What if Trump and Clinton Traded Places?

Academics Surprised by Restaged Clinton/Trump Debate

by John Sexton

Edited by Gospelbbq

This is fascinating. A professor of economics named Maria Guadalupe was watching the presidential debates last year and had a thought. What if Trump were a woman and Hillary were a man? How would that change people’s perceptions of the exchanges in the debates?

With the help of Joe Salvatore, a professor who specializes in something called ethno-drama, Guadalupe set up a recreation of sections of the original debates using actors to play the roles of Trump, Clinton and the moderator. All the words the actors spoke were taken from transcripts. The candidates’ body language and delivery were studied and the actors did their best to match it moment-to-moment to video feeds from the actual debates. The only difference was that Donald Trump was now a woman renamed Brenda King while Hillary was now a man dubbed Jonathan Gordon. A third actor played the moderator in the debates.” So they weren’t named Hillary and Trump. They were given totally different names, but the words uttered were identical — they were verbatim — except a woman played Trump and uttered what he had said and a man played Hillary and uttered what she said. And what they hoped to demonstrate was that the outrageousness and the folly and the stupidity of the things Trump said, those things, as spoken by a woman, would have seen him lose.  They wanted to establish that the reason Hillary lost was that she was a woman. “Gender bias.”  And so they actually hired actors who studied the debate, the exact lines, even the mannerisms, and then they reenacted the debates.

Initially, both Guadalupe and Salvatore had little doubt what the experiment would reveal, i.e. Trump’s behavior would never be tolerated coming from a woman while Clinton’s competence would be even more obvious coming from a man. But as rehearsals for the performance of the reimagined debates went on, Guadalupe and Salvatore were surprised by what they were feeling about the two candidates. It turned out the woman version of Trump seemed more likable than they had imagined. Salvatore told Guadalupe during rehearsals, “I kind of want to have a beer with her!”

As Rush noted, “They expected to demonstrate that the only reason Hillary lost was because of sexism. They wanted to demonstrate that, if a man had said what Hillary Clinton said, he would have won in a landslide. That a woman was uttering what Trump said was probably irrelevant to their experiment but they had to do it in order to complete the project. But the focus obviously was on trying to demonstrate (’cause it’s called “Her Opponent”) that what did-Hillary-in was this archaic, patriarchal, corrupt American society that values men and denigrates women.”

They wanted to prove it by having what Hillary said — which they thought was brilliant and relevant and sensitive. If a man said those things, he would have won in a landslide. And it turned out that they were as wrong as they could have been. They expected the audience — and the audience, by the way, was made up of people from the West Village in New York City. You can’t get more hardcore liberal than that. I mean, not even if you go to the Upper West Side.”  (Comment from rushlimbaugh.com)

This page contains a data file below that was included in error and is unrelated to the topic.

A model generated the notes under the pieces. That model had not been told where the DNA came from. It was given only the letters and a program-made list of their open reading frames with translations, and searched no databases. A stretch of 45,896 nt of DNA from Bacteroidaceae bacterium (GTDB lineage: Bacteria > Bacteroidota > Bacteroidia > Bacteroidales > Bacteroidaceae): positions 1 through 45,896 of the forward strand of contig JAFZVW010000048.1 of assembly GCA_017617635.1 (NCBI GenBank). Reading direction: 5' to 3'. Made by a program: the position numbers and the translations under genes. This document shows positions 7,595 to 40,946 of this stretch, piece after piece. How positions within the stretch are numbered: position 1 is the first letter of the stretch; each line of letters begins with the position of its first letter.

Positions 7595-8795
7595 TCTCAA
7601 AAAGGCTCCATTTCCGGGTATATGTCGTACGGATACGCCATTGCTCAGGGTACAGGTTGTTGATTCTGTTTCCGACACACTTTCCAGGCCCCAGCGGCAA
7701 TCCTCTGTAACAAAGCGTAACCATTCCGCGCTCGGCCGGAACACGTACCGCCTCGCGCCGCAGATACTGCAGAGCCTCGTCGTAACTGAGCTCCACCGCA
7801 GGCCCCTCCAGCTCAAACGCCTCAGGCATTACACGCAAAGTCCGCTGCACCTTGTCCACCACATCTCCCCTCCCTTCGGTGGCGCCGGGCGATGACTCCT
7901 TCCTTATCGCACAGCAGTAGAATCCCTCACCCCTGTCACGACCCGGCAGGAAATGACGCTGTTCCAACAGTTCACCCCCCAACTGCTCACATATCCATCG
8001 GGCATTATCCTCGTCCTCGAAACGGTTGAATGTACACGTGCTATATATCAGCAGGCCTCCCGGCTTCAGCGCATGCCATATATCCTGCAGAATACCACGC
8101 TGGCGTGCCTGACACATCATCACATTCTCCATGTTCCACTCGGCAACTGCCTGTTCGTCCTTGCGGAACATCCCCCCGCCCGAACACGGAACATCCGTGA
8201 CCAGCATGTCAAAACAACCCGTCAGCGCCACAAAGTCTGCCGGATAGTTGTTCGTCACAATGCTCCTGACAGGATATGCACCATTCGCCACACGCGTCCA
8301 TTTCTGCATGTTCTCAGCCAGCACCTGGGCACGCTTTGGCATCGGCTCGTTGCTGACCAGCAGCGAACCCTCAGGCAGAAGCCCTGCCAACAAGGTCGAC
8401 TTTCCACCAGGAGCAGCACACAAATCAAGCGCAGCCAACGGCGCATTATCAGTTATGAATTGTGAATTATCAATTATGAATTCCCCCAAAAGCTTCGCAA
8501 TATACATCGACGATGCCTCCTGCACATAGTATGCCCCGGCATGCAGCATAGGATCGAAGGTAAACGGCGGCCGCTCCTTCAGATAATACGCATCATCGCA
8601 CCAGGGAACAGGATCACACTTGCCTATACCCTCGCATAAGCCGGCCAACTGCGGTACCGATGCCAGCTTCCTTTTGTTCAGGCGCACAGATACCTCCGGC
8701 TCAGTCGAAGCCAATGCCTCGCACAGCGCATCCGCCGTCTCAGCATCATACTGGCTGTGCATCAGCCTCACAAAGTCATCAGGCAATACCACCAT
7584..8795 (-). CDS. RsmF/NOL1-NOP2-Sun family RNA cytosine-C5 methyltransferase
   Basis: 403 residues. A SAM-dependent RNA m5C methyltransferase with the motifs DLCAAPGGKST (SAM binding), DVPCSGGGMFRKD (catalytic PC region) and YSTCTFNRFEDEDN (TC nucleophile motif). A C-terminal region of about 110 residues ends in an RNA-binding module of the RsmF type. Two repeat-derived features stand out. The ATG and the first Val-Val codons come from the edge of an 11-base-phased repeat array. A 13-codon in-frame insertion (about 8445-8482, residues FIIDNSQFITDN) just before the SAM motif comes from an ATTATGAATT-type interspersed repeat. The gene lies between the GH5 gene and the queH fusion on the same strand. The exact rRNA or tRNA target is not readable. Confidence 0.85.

When the debate was actually performed, for a crowd of mostly academics, the audience was somewhat bewildered. From NYU News:

The two sold-out performances of Her Opponent took place on the night of Saturday, January 28, just a week after President Trump’s inauguration and the ensuing Women’s March on Washington…

Many were shocked to find that they couldn’t seem to find in Jonathan Gordon what they had admired in Hillary Clinton—or that Brenda King’s clever tactics seemed to shine in moments where they’d remembered Donald Trump flailing or lashing out. For those Clinton voters trying to make sense of the loss, it was by turns bewildering and instructive, raising as many questions about gender performance and effects of sexism as it answered.

In an interview with NYU News, Joe Salvatore described some of the specific reactions he heard from the audience:

We heard a lot of “now I understand how this happened”—meaning how Trump won the election. People got upset. There was a guy two rows in front of me who was literally holding his head in his hands, and the person with him was rubbing his back. The simplicity of Trump’s message became easier for people to hear when it was coming from a woman—that was a theme. One person said, “I’m just so struck by how precise Trump’s technique is.” Another—a musical theater composer, actually—said that Trump created “hummable lyrics,” while Clinton talked a lot, and everything she said was true and factual, but there was no “hook” to it.

Another theme was about not liking either candidate—you know, “I wouldn’t vote for either one.” Someone said that Jonathan Gordon [the male Hillary Clinton] was “really punchable” because of all the smiling. And a lot of people were just very surprised by the way it upended their expectations about what they thought they would feel or experience. There was someone who described Brenda King [the female Donald Trump] as his Jewish aunt who would take care of him, even though he might not like his aunt. Someone else described her as the middle school principal who you don’t like, but you know is doing good things for you.

Salvatore says it was personally an education for him as many members of his extended family had voted for Trump. “I developed empathy for people who voted for him by doing this project, which is not what I was expecting,” he told NYU News. He added, “I expected it to make me more angry at them, but it gave me an understanding of what they might have heard or experienced when he spoke.”

*****

Article from:

http://nyu.edu

http://rushlimbaugh.com

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